0 Replies
 
Aedes
 
  1  
Reply Sun 19 Apr, 2009 08:10 pm
@Elmud,
Job security and job satisfaction are highly valuable dividends of a higher education, and this can be independent of income.
0 Replies
 
Elmud
 
  1  
Reply Sun 19 Apr, 2009 09:54 pm
@Didymos Thomas,
Didymos Thomas wrote:


The answer is certainly both, but even when the financial benefits are not to be found shouldn't we place value on the education itself? For something other than earning potential?

Yeah. I agree with you Didymos. I suppose the way I look at it, as a father, I do not want my children to break their backs making ends meet the way I had to do. To grow old prematurely due to the fact that you just have worn yourself out. That is why I'm fortunate to have children who found an escape from this through education. I just feel like maybe, there should be some sort of employment placement programs in our schools relative to anyones chosen field which would provide some sort of incentive and security that could follow up our kids education. I would hate to see a potential college professor standing in an unemployment line or a soup line. You young people are the future. I want your future to be solvent, and secure. I want your investment to pay off. You've earned it, and it should be there for you. Education is an investment in the future. With any investment, there should be a return.
Dewey phil
 
  1  
Reply Wed 22 Apr, 2009 11:46 pm
@Elmud,
Elmud: "And why, in the world are we shipping our jobs overseas anywho?"


Dewey: As I understand it, we're just doing now what we would have to do eventually. Our companies cannot sell their costly goods in the highly competitive global market To stay afloat, they must employ cheaper labor.

Not to worry! The outsourcing benefits us. The increased employment in the outsourced countries gives them the money to buy more from our companies. That, in turn, enables us to develop or expand our production and thus create new or additional employment opportunities. It's free trade the way it should be. It's worldly win-win, the only way to go!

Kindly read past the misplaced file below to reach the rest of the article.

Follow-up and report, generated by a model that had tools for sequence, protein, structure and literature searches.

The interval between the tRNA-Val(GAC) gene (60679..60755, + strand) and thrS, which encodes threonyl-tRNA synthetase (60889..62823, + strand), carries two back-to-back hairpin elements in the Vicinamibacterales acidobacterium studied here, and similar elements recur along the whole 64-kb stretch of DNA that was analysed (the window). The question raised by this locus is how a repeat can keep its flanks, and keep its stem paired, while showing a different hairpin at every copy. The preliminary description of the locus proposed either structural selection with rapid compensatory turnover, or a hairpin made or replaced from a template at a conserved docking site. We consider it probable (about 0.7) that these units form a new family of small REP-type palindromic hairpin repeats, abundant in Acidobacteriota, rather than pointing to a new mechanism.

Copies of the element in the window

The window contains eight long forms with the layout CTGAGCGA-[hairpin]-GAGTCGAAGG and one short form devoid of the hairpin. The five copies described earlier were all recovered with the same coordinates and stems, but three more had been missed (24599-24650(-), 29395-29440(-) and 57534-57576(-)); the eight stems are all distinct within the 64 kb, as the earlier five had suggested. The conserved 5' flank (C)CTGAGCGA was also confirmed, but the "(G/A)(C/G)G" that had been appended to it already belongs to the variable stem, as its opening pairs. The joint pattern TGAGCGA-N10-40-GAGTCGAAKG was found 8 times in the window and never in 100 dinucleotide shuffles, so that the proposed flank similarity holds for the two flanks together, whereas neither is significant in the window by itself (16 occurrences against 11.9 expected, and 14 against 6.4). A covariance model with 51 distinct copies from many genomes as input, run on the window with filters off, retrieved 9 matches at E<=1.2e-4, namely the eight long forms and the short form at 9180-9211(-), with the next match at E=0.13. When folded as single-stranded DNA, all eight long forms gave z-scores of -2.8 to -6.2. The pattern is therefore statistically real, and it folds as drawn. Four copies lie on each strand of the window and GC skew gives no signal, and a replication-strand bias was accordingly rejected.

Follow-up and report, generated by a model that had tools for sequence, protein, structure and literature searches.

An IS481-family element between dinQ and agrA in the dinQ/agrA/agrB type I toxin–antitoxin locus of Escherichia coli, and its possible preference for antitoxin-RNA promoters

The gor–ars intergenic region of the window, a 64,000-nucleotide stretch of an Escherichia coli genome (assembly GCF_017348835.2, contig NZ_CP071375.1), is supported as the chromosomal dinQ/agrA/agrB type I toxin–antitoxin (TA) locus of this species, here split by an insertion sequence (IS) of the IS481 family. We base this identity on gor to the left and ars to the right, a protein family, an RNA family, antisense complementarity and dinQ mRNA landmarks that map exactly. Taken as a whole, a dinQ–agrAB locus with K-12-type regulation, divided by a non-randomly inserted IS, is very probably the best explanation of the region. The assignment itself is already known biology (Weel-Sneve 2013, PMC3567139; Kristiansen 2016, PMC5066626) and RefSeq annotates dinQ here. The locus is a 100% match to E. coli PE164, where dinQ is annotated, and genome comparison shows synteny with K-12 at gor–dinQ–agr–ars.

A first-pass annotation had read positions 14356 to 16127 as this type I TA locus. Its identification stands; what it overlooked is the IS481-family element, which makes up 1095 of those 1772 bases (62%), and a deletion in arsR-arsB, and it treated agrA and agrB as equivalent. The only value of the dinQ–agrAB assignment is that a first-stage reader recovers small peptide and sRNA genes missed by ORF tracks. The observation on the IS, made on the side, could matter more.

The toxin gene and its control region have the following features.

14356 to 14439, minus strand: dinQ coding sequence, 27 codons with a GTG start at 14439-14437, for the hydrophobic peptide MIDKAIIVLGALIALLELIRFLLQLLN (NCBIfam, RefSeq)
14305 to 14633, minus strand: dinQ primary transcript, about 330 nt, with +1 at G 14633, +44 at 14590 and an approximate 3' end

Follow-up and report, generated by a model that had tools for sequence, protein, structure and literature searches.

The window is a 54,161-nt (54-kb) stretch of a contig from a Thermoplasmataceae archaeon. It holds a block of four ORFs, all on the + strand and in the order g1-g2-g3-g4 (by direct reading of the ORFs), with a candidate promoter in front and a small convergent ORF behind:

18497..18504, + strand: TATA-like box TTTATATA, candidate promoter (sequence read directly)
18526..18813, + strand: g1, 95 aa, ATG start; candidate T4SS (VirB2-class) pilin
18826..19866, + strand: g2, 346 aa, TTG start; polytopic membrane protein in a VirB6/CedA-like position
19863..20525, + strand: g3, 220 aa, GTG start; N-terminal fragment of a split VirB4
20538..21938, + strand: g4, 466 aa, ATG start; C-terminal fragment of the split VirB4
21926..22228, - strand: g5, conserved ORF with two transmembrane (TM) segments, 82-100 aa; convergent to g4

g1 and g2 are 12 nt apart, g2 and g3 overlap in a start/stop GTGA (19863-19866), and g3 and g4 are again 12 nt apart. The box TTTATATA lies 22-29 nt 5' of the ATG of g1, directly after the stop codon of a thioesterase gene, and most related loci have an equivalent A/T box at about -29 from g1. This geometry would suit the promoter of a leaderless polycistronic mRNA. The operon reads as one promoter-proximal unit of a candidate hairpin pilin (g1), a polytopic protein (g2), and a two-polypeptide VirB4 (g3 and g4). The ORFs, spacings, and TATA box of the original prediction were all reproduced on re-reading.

Elmud: "The focus of this message is the disappearance of quality jobs for educated young people, and why."


Dewey: Like Elmud's, my family has young people having to make career decisions in this fast-changing job market. It's really hard, I know. But, as I tell my youngsters (in the rare times they listen to me): "The sad statistics are averages, but you kids are not average. The job market is a matter of demand and supply. See where the demand is. Go for it."
0 Replies
 
Victor Eremita
 
  1  
Reply Thu 23 Apr, 2009 12:35 am
@Elmud,
Quote:

I was thinking about my niece this week. She has spent a lot of time and effort achieving her masters degree. She has spent the past few months seeking employment that is compatible with her level of education. She can find none. She has been willing to take just about any job available, but, she has to refrain from divulging any info about her educational level because they would consider her to be overqualified and the moment something better came along, they know she would split. So, she has all this education, and no place to go with it.
In another case, I know a young man who is a computer analyst. He got his degree from Ariz. State Univ. years ago and has been working for a large corporation for some time. He was layed off along with hundreds of others. Their jobs were sent overseas. So now, he freelances. No jobs available.

Yeah. I quite understand. I have Honours Bachelors in Philosophy, but I don't mention that at all when I was interviewing. I mention that I have a Bachelor with good to excellent grades in my Computer Engineering courses. It took me almost a year to find work in the tech field.
Quote:

In times past, it was always my thought that higher education insured that a person could secure quality employment that could last a lifetime. I do not think that is the case anymore.

I never thought that at all. A higher education meant that it was more probable to get employment, but that networking, luck, and CHARISMA were more important for securing a job.
Quote:

Maybe there are too many wannabe chiefs and not enough native americans. I don't know. My girls are in college. One, going for her nursing degree, {which I feel is a good field to get into considering there is a shortage of nurses, and also, because there will always be a demand for nurses), another, is going into health care administration which i believe is also secure for the same reasons. My little one, the youngest, is studying to be an English teacher. I feel that the field of education is also somewhat secure. But, what about the others? How much work is out there for the Astro Physicist? The philosopher? The chemists? And why, in the world are we shipping our jobs overseas anywho?